Customer profiling is as easy as answering two simple questions: Why are customers buying this product or service and why are they buying it from you? Throw in a few demographics and you have got yourself a profile.
Okay, it may not be that easy, but customer profiling, formally known as market segmentation, can be an important component to your marketing plans. Market segmentation is the process of dividing the entire market into smaller groups of potential customers that have similar demographic, psychographic and/or product usage characteristics.
Market demographics are facts. Age, income, gender, education and marital status are all demographics and help characterize markets. Psychographics are subjective, human behavior traits that are identified as being shared by the segment. Market segments can be conservatives, liberals, leaders, followers, or any other group characteristic that is shared by the group and influences their purchasing decisions.
By identifying key trends and commonalities of your customers, you can fairly accurately predict customer reaction to your overall marketing strategies. Profiling gives you the all-important “why” factor. Why do customers buy certain products or services? Why do they choose to buy from you rather than your competition? Knowing these answers allows you to add dimension to your customer profile.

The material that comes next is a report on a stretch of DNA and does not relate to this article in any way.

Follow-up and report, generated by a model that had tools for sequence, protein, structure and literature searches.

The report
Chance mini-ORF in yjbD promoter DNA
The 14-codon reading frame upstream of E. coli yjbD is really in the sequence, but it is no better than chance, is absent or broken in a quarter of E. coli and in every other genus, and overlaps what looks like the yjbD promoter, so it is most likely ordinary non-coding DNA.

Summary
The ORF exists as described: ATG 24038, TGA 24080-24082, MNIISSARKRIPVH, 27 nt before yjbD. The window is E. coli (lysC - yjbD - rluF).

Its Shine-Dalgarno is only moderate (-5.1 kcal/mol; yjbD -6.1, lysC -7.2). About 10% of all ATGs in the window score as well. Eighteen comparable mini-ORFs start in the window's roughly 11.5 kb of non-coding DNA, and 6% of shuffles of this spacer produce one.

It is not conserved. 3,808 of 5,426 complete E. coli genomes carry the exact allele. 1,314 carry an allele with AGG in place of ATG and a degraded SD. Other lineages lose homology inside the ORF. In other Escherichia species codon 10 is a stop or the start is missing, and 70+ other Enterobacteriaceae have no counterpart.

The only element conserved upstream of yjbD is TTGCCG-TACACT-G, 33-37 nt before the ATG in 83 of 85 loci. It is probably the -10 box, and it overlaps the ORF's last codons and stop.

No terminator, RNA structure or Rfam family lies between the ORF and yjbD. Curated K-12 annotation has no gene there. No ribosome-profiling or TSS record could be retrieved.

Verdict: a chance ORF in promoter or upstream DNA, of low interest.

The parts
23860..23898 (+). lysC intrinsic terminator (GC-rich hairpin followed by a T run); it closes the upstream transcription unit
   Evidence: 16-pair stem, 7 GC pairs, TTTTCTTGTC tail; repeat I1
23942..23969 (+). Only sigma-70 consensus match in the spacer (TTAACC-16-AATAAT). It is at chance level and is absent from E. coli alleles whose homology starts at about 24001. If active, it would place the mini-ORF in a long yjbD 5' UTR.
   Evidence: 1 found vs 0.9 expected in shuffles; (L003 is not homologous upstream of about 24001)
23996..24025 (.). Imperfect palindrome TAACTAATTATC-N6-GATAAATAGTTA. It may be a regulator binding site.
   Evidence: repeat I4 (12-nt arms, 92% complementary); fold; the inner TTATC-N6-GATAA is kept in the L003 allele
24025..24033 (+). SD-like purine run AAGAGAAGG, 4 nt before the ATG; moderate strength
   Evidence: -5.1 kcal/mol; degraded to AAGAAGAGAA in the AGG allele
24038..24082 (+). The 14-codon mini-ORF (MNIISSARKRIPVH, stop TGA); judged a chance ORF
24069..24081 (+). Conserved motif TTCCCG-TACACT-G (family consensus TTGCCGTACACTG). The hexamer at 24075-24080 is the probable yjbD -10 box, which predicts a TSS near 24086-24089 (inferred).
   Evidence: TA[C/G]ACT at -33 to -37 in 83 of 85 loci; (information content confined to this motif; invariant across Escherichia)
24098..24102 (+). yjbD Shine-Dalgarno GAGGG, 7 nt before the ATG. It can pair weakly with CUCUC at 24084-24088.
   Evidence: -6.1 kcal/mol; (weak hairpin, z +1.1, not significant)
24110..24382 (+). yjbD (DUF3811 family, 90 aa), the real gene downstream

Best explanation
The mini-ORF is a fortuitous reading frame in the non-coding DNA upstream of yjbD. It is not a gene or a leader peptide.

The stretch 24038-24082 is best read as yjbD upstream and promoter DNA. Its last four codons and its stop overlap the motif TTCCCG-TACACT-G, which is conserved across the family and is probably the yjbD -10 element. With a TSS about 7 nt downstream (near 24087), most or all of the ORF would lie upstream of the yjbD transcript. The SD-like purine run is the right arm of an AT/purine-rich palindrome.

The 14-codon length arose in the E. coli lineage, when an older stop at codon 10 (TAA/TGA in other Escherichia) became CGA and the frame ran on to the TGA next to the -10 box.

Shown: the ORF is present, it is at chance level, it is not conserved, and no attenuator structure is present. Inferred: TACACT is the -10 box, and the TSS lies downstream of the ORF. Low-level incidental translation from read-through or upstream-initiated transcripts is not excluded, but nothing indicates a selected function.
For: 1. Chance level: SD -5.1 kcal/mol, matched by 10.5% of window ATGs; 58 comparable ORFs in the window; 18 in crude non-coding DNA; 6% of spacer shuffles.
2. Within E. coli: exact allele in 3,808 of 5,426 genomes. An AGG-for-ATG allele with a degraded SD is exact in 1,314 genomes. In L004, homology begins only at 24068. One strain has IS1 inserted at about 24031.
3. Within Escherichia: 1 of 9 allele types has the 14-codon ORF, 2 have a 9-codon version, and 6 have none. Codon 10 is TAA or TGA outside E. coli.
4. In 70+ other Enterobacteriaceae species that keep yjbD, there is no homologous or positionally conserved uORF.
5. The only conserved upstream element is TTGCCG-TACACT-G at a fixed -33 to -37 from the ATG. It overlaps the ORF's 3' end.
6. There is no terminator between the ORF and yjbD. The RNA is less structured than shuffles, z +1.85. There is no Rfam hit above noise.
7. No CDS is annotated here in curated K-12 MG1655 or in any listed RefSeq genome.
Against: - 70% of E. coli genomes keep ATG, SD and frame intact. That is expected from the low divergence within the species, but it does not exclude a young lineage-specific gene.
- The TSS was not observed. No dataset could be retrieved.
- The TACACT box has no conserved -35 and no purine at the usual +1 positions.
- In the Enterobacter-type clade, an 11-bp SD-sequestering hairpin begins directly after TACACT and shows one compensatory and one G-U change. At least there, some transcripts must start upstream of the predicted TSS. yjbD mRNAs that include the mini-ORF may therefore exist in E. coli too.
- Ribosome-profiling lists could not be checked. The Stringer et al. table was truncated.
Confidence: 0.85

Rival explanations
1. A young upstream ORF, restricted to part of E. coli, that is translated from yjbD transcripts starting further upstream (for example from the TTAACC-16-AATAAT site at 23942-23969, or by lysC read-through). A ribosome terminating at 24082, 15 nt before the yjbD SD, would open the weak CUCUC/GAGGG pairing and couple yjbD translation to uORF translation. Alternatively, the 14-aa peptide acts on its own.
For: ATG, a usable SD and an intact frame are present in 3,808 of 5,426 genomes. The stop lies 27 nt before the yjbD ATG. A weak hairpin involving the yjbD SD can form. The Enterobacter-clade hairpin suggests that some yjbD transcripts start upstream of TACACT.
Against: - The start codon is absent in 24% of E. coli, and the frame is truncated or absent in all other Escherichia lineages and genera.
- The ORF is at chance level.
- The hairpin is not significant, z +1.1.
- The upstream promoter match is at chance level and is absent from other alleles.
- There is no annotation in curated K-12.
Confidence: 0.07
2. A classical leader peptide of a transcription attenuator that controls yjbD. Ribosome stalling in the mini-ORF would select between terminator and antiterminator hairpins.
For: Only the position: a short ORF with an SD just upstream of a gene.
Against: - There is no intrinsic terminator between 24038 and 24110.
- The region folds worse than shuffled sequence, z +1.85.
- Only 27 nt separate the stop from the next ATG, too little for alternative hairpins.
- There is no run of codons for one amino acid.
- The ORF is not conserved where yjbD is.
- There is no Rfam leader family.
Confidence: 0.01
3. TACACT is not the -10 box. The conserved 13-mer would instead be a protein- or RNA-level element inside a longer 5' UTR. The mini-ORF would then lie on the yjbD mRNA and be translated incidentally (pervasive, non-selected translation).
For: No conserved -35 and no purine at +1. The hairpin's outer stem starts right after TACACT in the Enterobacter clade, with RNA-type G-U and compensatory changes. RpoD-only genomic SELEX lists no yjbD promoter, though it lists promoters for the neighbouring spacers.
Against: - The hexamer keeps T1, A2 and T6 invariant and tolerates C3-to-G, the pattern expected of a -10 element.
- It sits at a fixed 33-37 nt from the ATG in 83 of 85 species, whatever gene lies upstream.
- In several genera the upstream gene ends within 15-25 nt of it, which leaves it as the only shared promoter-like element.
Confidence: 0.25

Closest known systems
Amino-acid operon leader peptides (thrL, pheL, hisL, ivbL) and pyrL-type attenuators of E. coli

You may sell one product, but different market segments will buy it for different reasons. Simply put, different benefits appeal to different customers. For example, a TV dinner is a TV dinner is a TV dinner. But, convenience is not saving money, weight-loss or better nutrition. Yet, Hungry Man, Budget Gourmet, Lean Cuisine and Healthy Choice have segmented a market of frozen meal buyers into specific benefits that appeal to a specific customer.
Profiling your customers allows you to link the segment with the benefit. Getting the information is as easy as watching who comes through your doors and asking them. As you ring up sales or assist them in their purchases, you should be noting what they are buying and asking them why. Most customers will attribute it to friendly customer service.
This type of market research can become more sophisticated. Surveys, focus groups, purchased demographics summaries and more are available for a fee. These tools can assist market segmentation efforts, especially if you have neither the time nor the inclination to take on this project on your own.
Additionally, once you know your customers and their salient characteristics, you can look for similar segments that you are currently not reaching. For example, if a certain segment is buying your product or service for the benefit of convenience, are there other groups who would appreciate the same benefit? Usually there are and once you have found that link, you have also found a brand new customer base.
With a little work and time, you can get to know your customers and their buying habits and characteristics. This knowledge should guide every marketing decision you make.
The bottom line is this. Knowing who your customers are makes for better business. Your marketing dollars will yield a larger return on investment if you can better predict customer reactions to your marketing efforts. With successful customer profiling, you can.